This study has shown that shear stress induces tight control over microtubule organization, stability, and function and that this control is absolutely required for the dramatic morphological responses of endothelium to shear stress. Accordingly, drugs that induce either hyperstabilization of microtubules (taxol) or microtubule disassembly (nocodazole), or expression of a mutant (constitutively active) form of an important regulator of microtubules (GSK-3β), blocked cell elongation and orientation under the influence of shear.
We confirmed that MTOCs displayed downstream polarity when endothelial cells were subjected to shear stress,4 and we showed that shear induces marked stabilization of microtubules as evidenced by tubulin acetylation. Although the effects were profound, stabilization must be tightly regulated during cell polarization, given our findings that the microtubule stabilizing agent, taxol, blocked cell morphological responses to shear stress. These findings demonstrate that shear stress induces primary manifestations of PCP.
Because shear had major effects on microtubules that proved important to cell morphological responses, we examined regulation of microtubule modifications. When cells migrate at wound edges, integrins are activated at the cell anterior, as new cell-substrate interactions occur, and downstream activation of Cdc42 leads to the anterior assembly of a complex that includes Cdc42 and the scaffold protein, Par6, atypical protein kinase C-ζ (aPKCζ), and GSK-3β. An outcome of this assembly is inhibitory phosphorylation of GSK-3β, which is pivotal to establishment of PCP.20 GSK-3β is multifunctional, but its roles in PCP appear related to its capacity to dissociate APC from microtubule + ends.20 How inhibition of GSK-3β, and the resulting association of APC with the peripheral tips of microtubules, effects microtubule redistribution is unknown, although it may promote microtubule binding to proteins/structures at the cell anterior that prevents them by being swept backward by retrograde flow of actin.23 Alternatively, motor proteins (dyneins) that are captured at the cell anterior may ratchet microtubules anteriorly.24 Although the other major manifestation of PCP, microtubule stabilization, appears to be controlled independently of MTOC redistribution,24 inhibition of GSK-3β again is involved. APC promotes the association with microtubules of stabilizing proteins such as EB1,19 and we found that phosphorylation of GSK-3β had profound effects on microtubule stability in endothelial cells.
Based on the pivotal role of GSK-3β in PCP of migrating cells, we examined its role in shear-induced responses. Shear-induced phosphorylation of GSK-3β coincided with acetylation of tubulin in microtubules, and we infer a causal link. At late time points, GSK-3β phosphorylation waned, whereas tubulin acetylation was sustained; therefore, other factors may participate in maintenance of shear-induced microtubule stability. Nonetheless, a role for inhibition of GSK-3β was strongly supported by our finding that exogenous inhibitors greatly enhanced tubulin acetylation in unsheared cells and so strongly stabilized these structures that they formed extremely long filaments that encircled the cell periphery in a toroid pattern. Again, tight regulation, rather than simple suppression, of GSK-3β activity was required for cell morphological responses because the cells failed to elongate when the activity of the kinase was blocked using exogenous inhibitors. Regulation of intracellular gradients, as well as absolute activity, of GSK-3β is probably required.20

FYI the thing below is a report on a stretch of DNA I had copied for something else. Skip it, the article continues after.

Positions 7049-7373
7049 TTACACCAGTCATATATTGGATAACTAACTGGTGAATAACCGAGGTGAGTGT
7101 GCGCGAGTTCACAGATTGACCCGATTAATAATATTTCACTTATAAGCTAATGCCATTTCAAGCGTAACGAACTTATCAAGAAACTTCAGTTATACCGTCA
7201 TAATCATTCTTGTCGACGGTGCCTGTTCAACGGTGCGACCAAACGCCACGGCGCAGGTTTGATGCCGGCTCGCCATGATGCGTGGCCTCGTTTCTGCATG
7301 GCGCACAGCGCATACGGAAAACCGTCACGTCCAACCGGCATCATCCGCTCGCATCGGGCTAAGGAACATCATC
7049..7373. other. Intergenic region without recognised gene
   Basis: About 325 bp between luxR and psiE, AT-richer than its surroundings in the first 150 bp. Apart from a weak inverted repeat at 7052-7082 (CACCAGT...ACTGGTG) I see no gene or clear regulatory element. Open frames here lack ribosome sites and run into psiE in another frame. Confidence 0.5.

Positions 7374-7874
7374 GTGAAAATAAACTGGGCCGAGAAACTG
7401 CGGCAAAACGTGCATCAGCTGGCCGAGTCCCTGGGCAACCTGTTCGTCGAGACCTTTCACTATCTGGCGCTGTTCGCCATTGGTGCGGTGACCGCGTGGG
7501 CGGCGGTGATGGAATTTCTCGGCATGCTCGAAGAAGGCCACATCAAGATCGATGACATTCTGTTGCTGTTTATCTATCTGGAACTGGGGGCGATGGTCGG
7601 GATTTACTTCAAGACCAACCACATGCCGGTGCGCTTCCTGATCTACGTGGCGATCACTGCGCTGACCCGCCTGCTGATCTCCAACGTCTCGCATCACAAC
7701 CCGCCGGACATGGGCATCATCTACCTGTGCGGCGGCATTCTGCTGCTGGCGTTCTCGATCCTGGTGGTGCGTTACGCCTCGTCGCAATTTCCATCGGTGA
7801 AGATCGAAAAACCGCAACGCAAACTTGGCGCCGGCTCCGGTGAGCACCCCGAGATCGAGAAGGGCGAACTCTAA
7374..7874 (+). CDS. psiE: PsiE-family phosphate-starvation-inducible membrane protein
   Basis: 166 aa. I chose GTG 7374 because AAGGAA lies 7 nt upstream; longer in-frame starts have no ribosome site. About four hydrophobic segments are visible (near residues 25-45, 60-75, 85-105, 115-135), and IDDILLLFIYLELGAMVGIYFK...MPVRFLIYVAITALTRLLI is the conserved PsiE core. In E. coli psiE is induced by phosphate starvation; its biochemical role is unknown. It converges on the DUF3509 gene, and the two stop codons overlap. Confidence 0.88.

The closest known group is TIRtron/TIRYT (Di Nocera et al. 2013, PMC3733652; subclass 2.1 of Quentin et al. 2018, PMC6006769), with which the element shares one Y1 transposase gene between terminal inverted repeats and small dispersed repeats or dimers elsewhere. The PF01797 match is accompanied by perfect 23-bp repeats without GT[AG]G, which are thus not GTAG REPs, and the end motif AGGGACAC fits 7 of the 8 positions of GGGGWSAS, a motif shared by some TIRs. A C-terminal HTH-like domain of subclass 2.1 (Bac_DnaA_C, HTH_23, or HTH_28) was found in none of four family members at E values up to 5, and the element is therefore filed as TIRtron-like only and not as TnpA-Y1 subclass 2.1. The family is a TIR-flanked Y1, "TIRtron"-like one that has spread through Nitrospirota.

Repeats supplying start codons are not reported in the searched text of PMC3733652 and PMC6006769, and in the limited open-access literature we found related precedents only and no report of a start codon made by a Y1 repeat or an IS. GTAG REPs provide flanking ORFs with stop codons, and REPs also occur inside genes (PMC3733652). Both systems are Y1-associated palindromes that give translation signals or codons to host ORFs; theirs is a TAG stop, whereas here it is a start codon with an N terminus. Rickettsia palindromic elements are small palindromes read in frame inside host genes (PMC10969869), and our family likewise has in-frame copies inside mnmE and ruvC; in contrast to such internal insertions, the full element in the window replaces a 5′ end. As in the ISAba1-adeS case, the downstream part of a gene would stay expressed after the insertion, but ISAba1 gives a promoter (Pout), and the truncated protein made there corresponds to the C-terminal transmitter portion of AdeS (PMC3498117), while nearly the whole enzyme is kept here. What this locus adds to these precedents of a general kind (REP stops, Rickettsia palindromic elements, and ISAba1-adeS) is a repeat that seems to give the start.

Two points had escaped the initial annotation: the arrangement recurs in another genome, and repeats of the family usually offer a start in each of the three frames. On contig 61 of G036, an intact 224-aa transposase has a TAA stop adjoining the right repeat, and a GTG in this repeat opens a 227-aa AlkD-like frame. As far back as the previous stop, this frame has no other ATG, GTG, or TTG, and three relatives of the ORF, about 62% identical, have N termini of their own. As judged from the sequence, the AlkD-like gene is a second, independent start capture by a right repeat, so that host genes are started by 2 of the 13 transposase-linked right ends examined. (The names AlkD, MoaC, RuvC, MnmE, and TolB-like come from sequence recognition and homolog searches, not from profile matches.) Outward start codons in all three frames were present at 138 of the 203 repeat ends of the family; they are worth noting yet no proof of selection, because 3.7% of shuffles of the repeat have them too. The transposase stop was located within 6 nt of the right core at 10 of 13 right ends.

Surprisingly, exogenous inhibitors of GSK-3β activity did not suppress MTOC polarity, as occurs in migrating cells20; they reversed it so that cells polarized in the upstream direction. Recent work indicates that at least some epithelial cells display posterior PCP when migrating; however, this is the first example of a single cell type that can reverse direction of polarity. Endothelium may therefore provide an informative model for studying directional polarity control. We infer from this observation that endothelial cells can undergo GSK-3β–independent, shear-induced reverse PCP that is unmasked by the inhibitors.
Reversal of shear-induced microtubule polarity by inhibition of GSK-3β was particularly interesting given that, in some species, endothelial MTOCs are upstream of nuclei in arteries and downstream in veins.10,11,21 This previous observation was interpreted as indicating flow independence of endothelial cell polarity and novel alternatives were proposed, including sheet-like migration of peripheral vascular endothelium toward the heart.25 We found, however, that cardiocentric polarity was not ubiquitous in vivo; furthermore, polarity in the abdominal aorta of rabbits reversed with age. This finding, plus our observation that shear can induce upstream or downstream polarity in vitro, depending on p-GSK-3β levels, prompted us to directly assess the influence of shear on endothelial polarity in vivo. Experimental reversal of blood flow in the vortex that forms downstream from stenoses in vivo eliminated endothelial polarity, regardless of whether polarity was directed upstream or downstream in the unmanipulated artery. A modest reversal of polarity was not statistically significant, which may reflect either the less pronounced polarity that is observed in vivo or the precise nature of shear stress and its temporal variations downstream from stenoses. Nonetheless, these findings demonstrate that endothelial cell polarity in blood vessels is shear dependent.
Endothelial cell polarity was GSK-3β dependent in blood vessels, as it was in cell culture. This hypothesis was testable because lithium administration, to inhibit GSK-3β activity, is frequently used to treat bipolar disorder in humans.26 Lithium given in drinking water to rabbits suppressed or reversed polarity in both arteries and veins. Failure to always observe reversal of downstream polarity, as was seen in cell cultures, may indicate that circulating lithium levels fluctuated substantially when the rabbits were given lithium-treated water ad libidum, so that GSK-3β may have transiently but repeatedly escaped inhibition.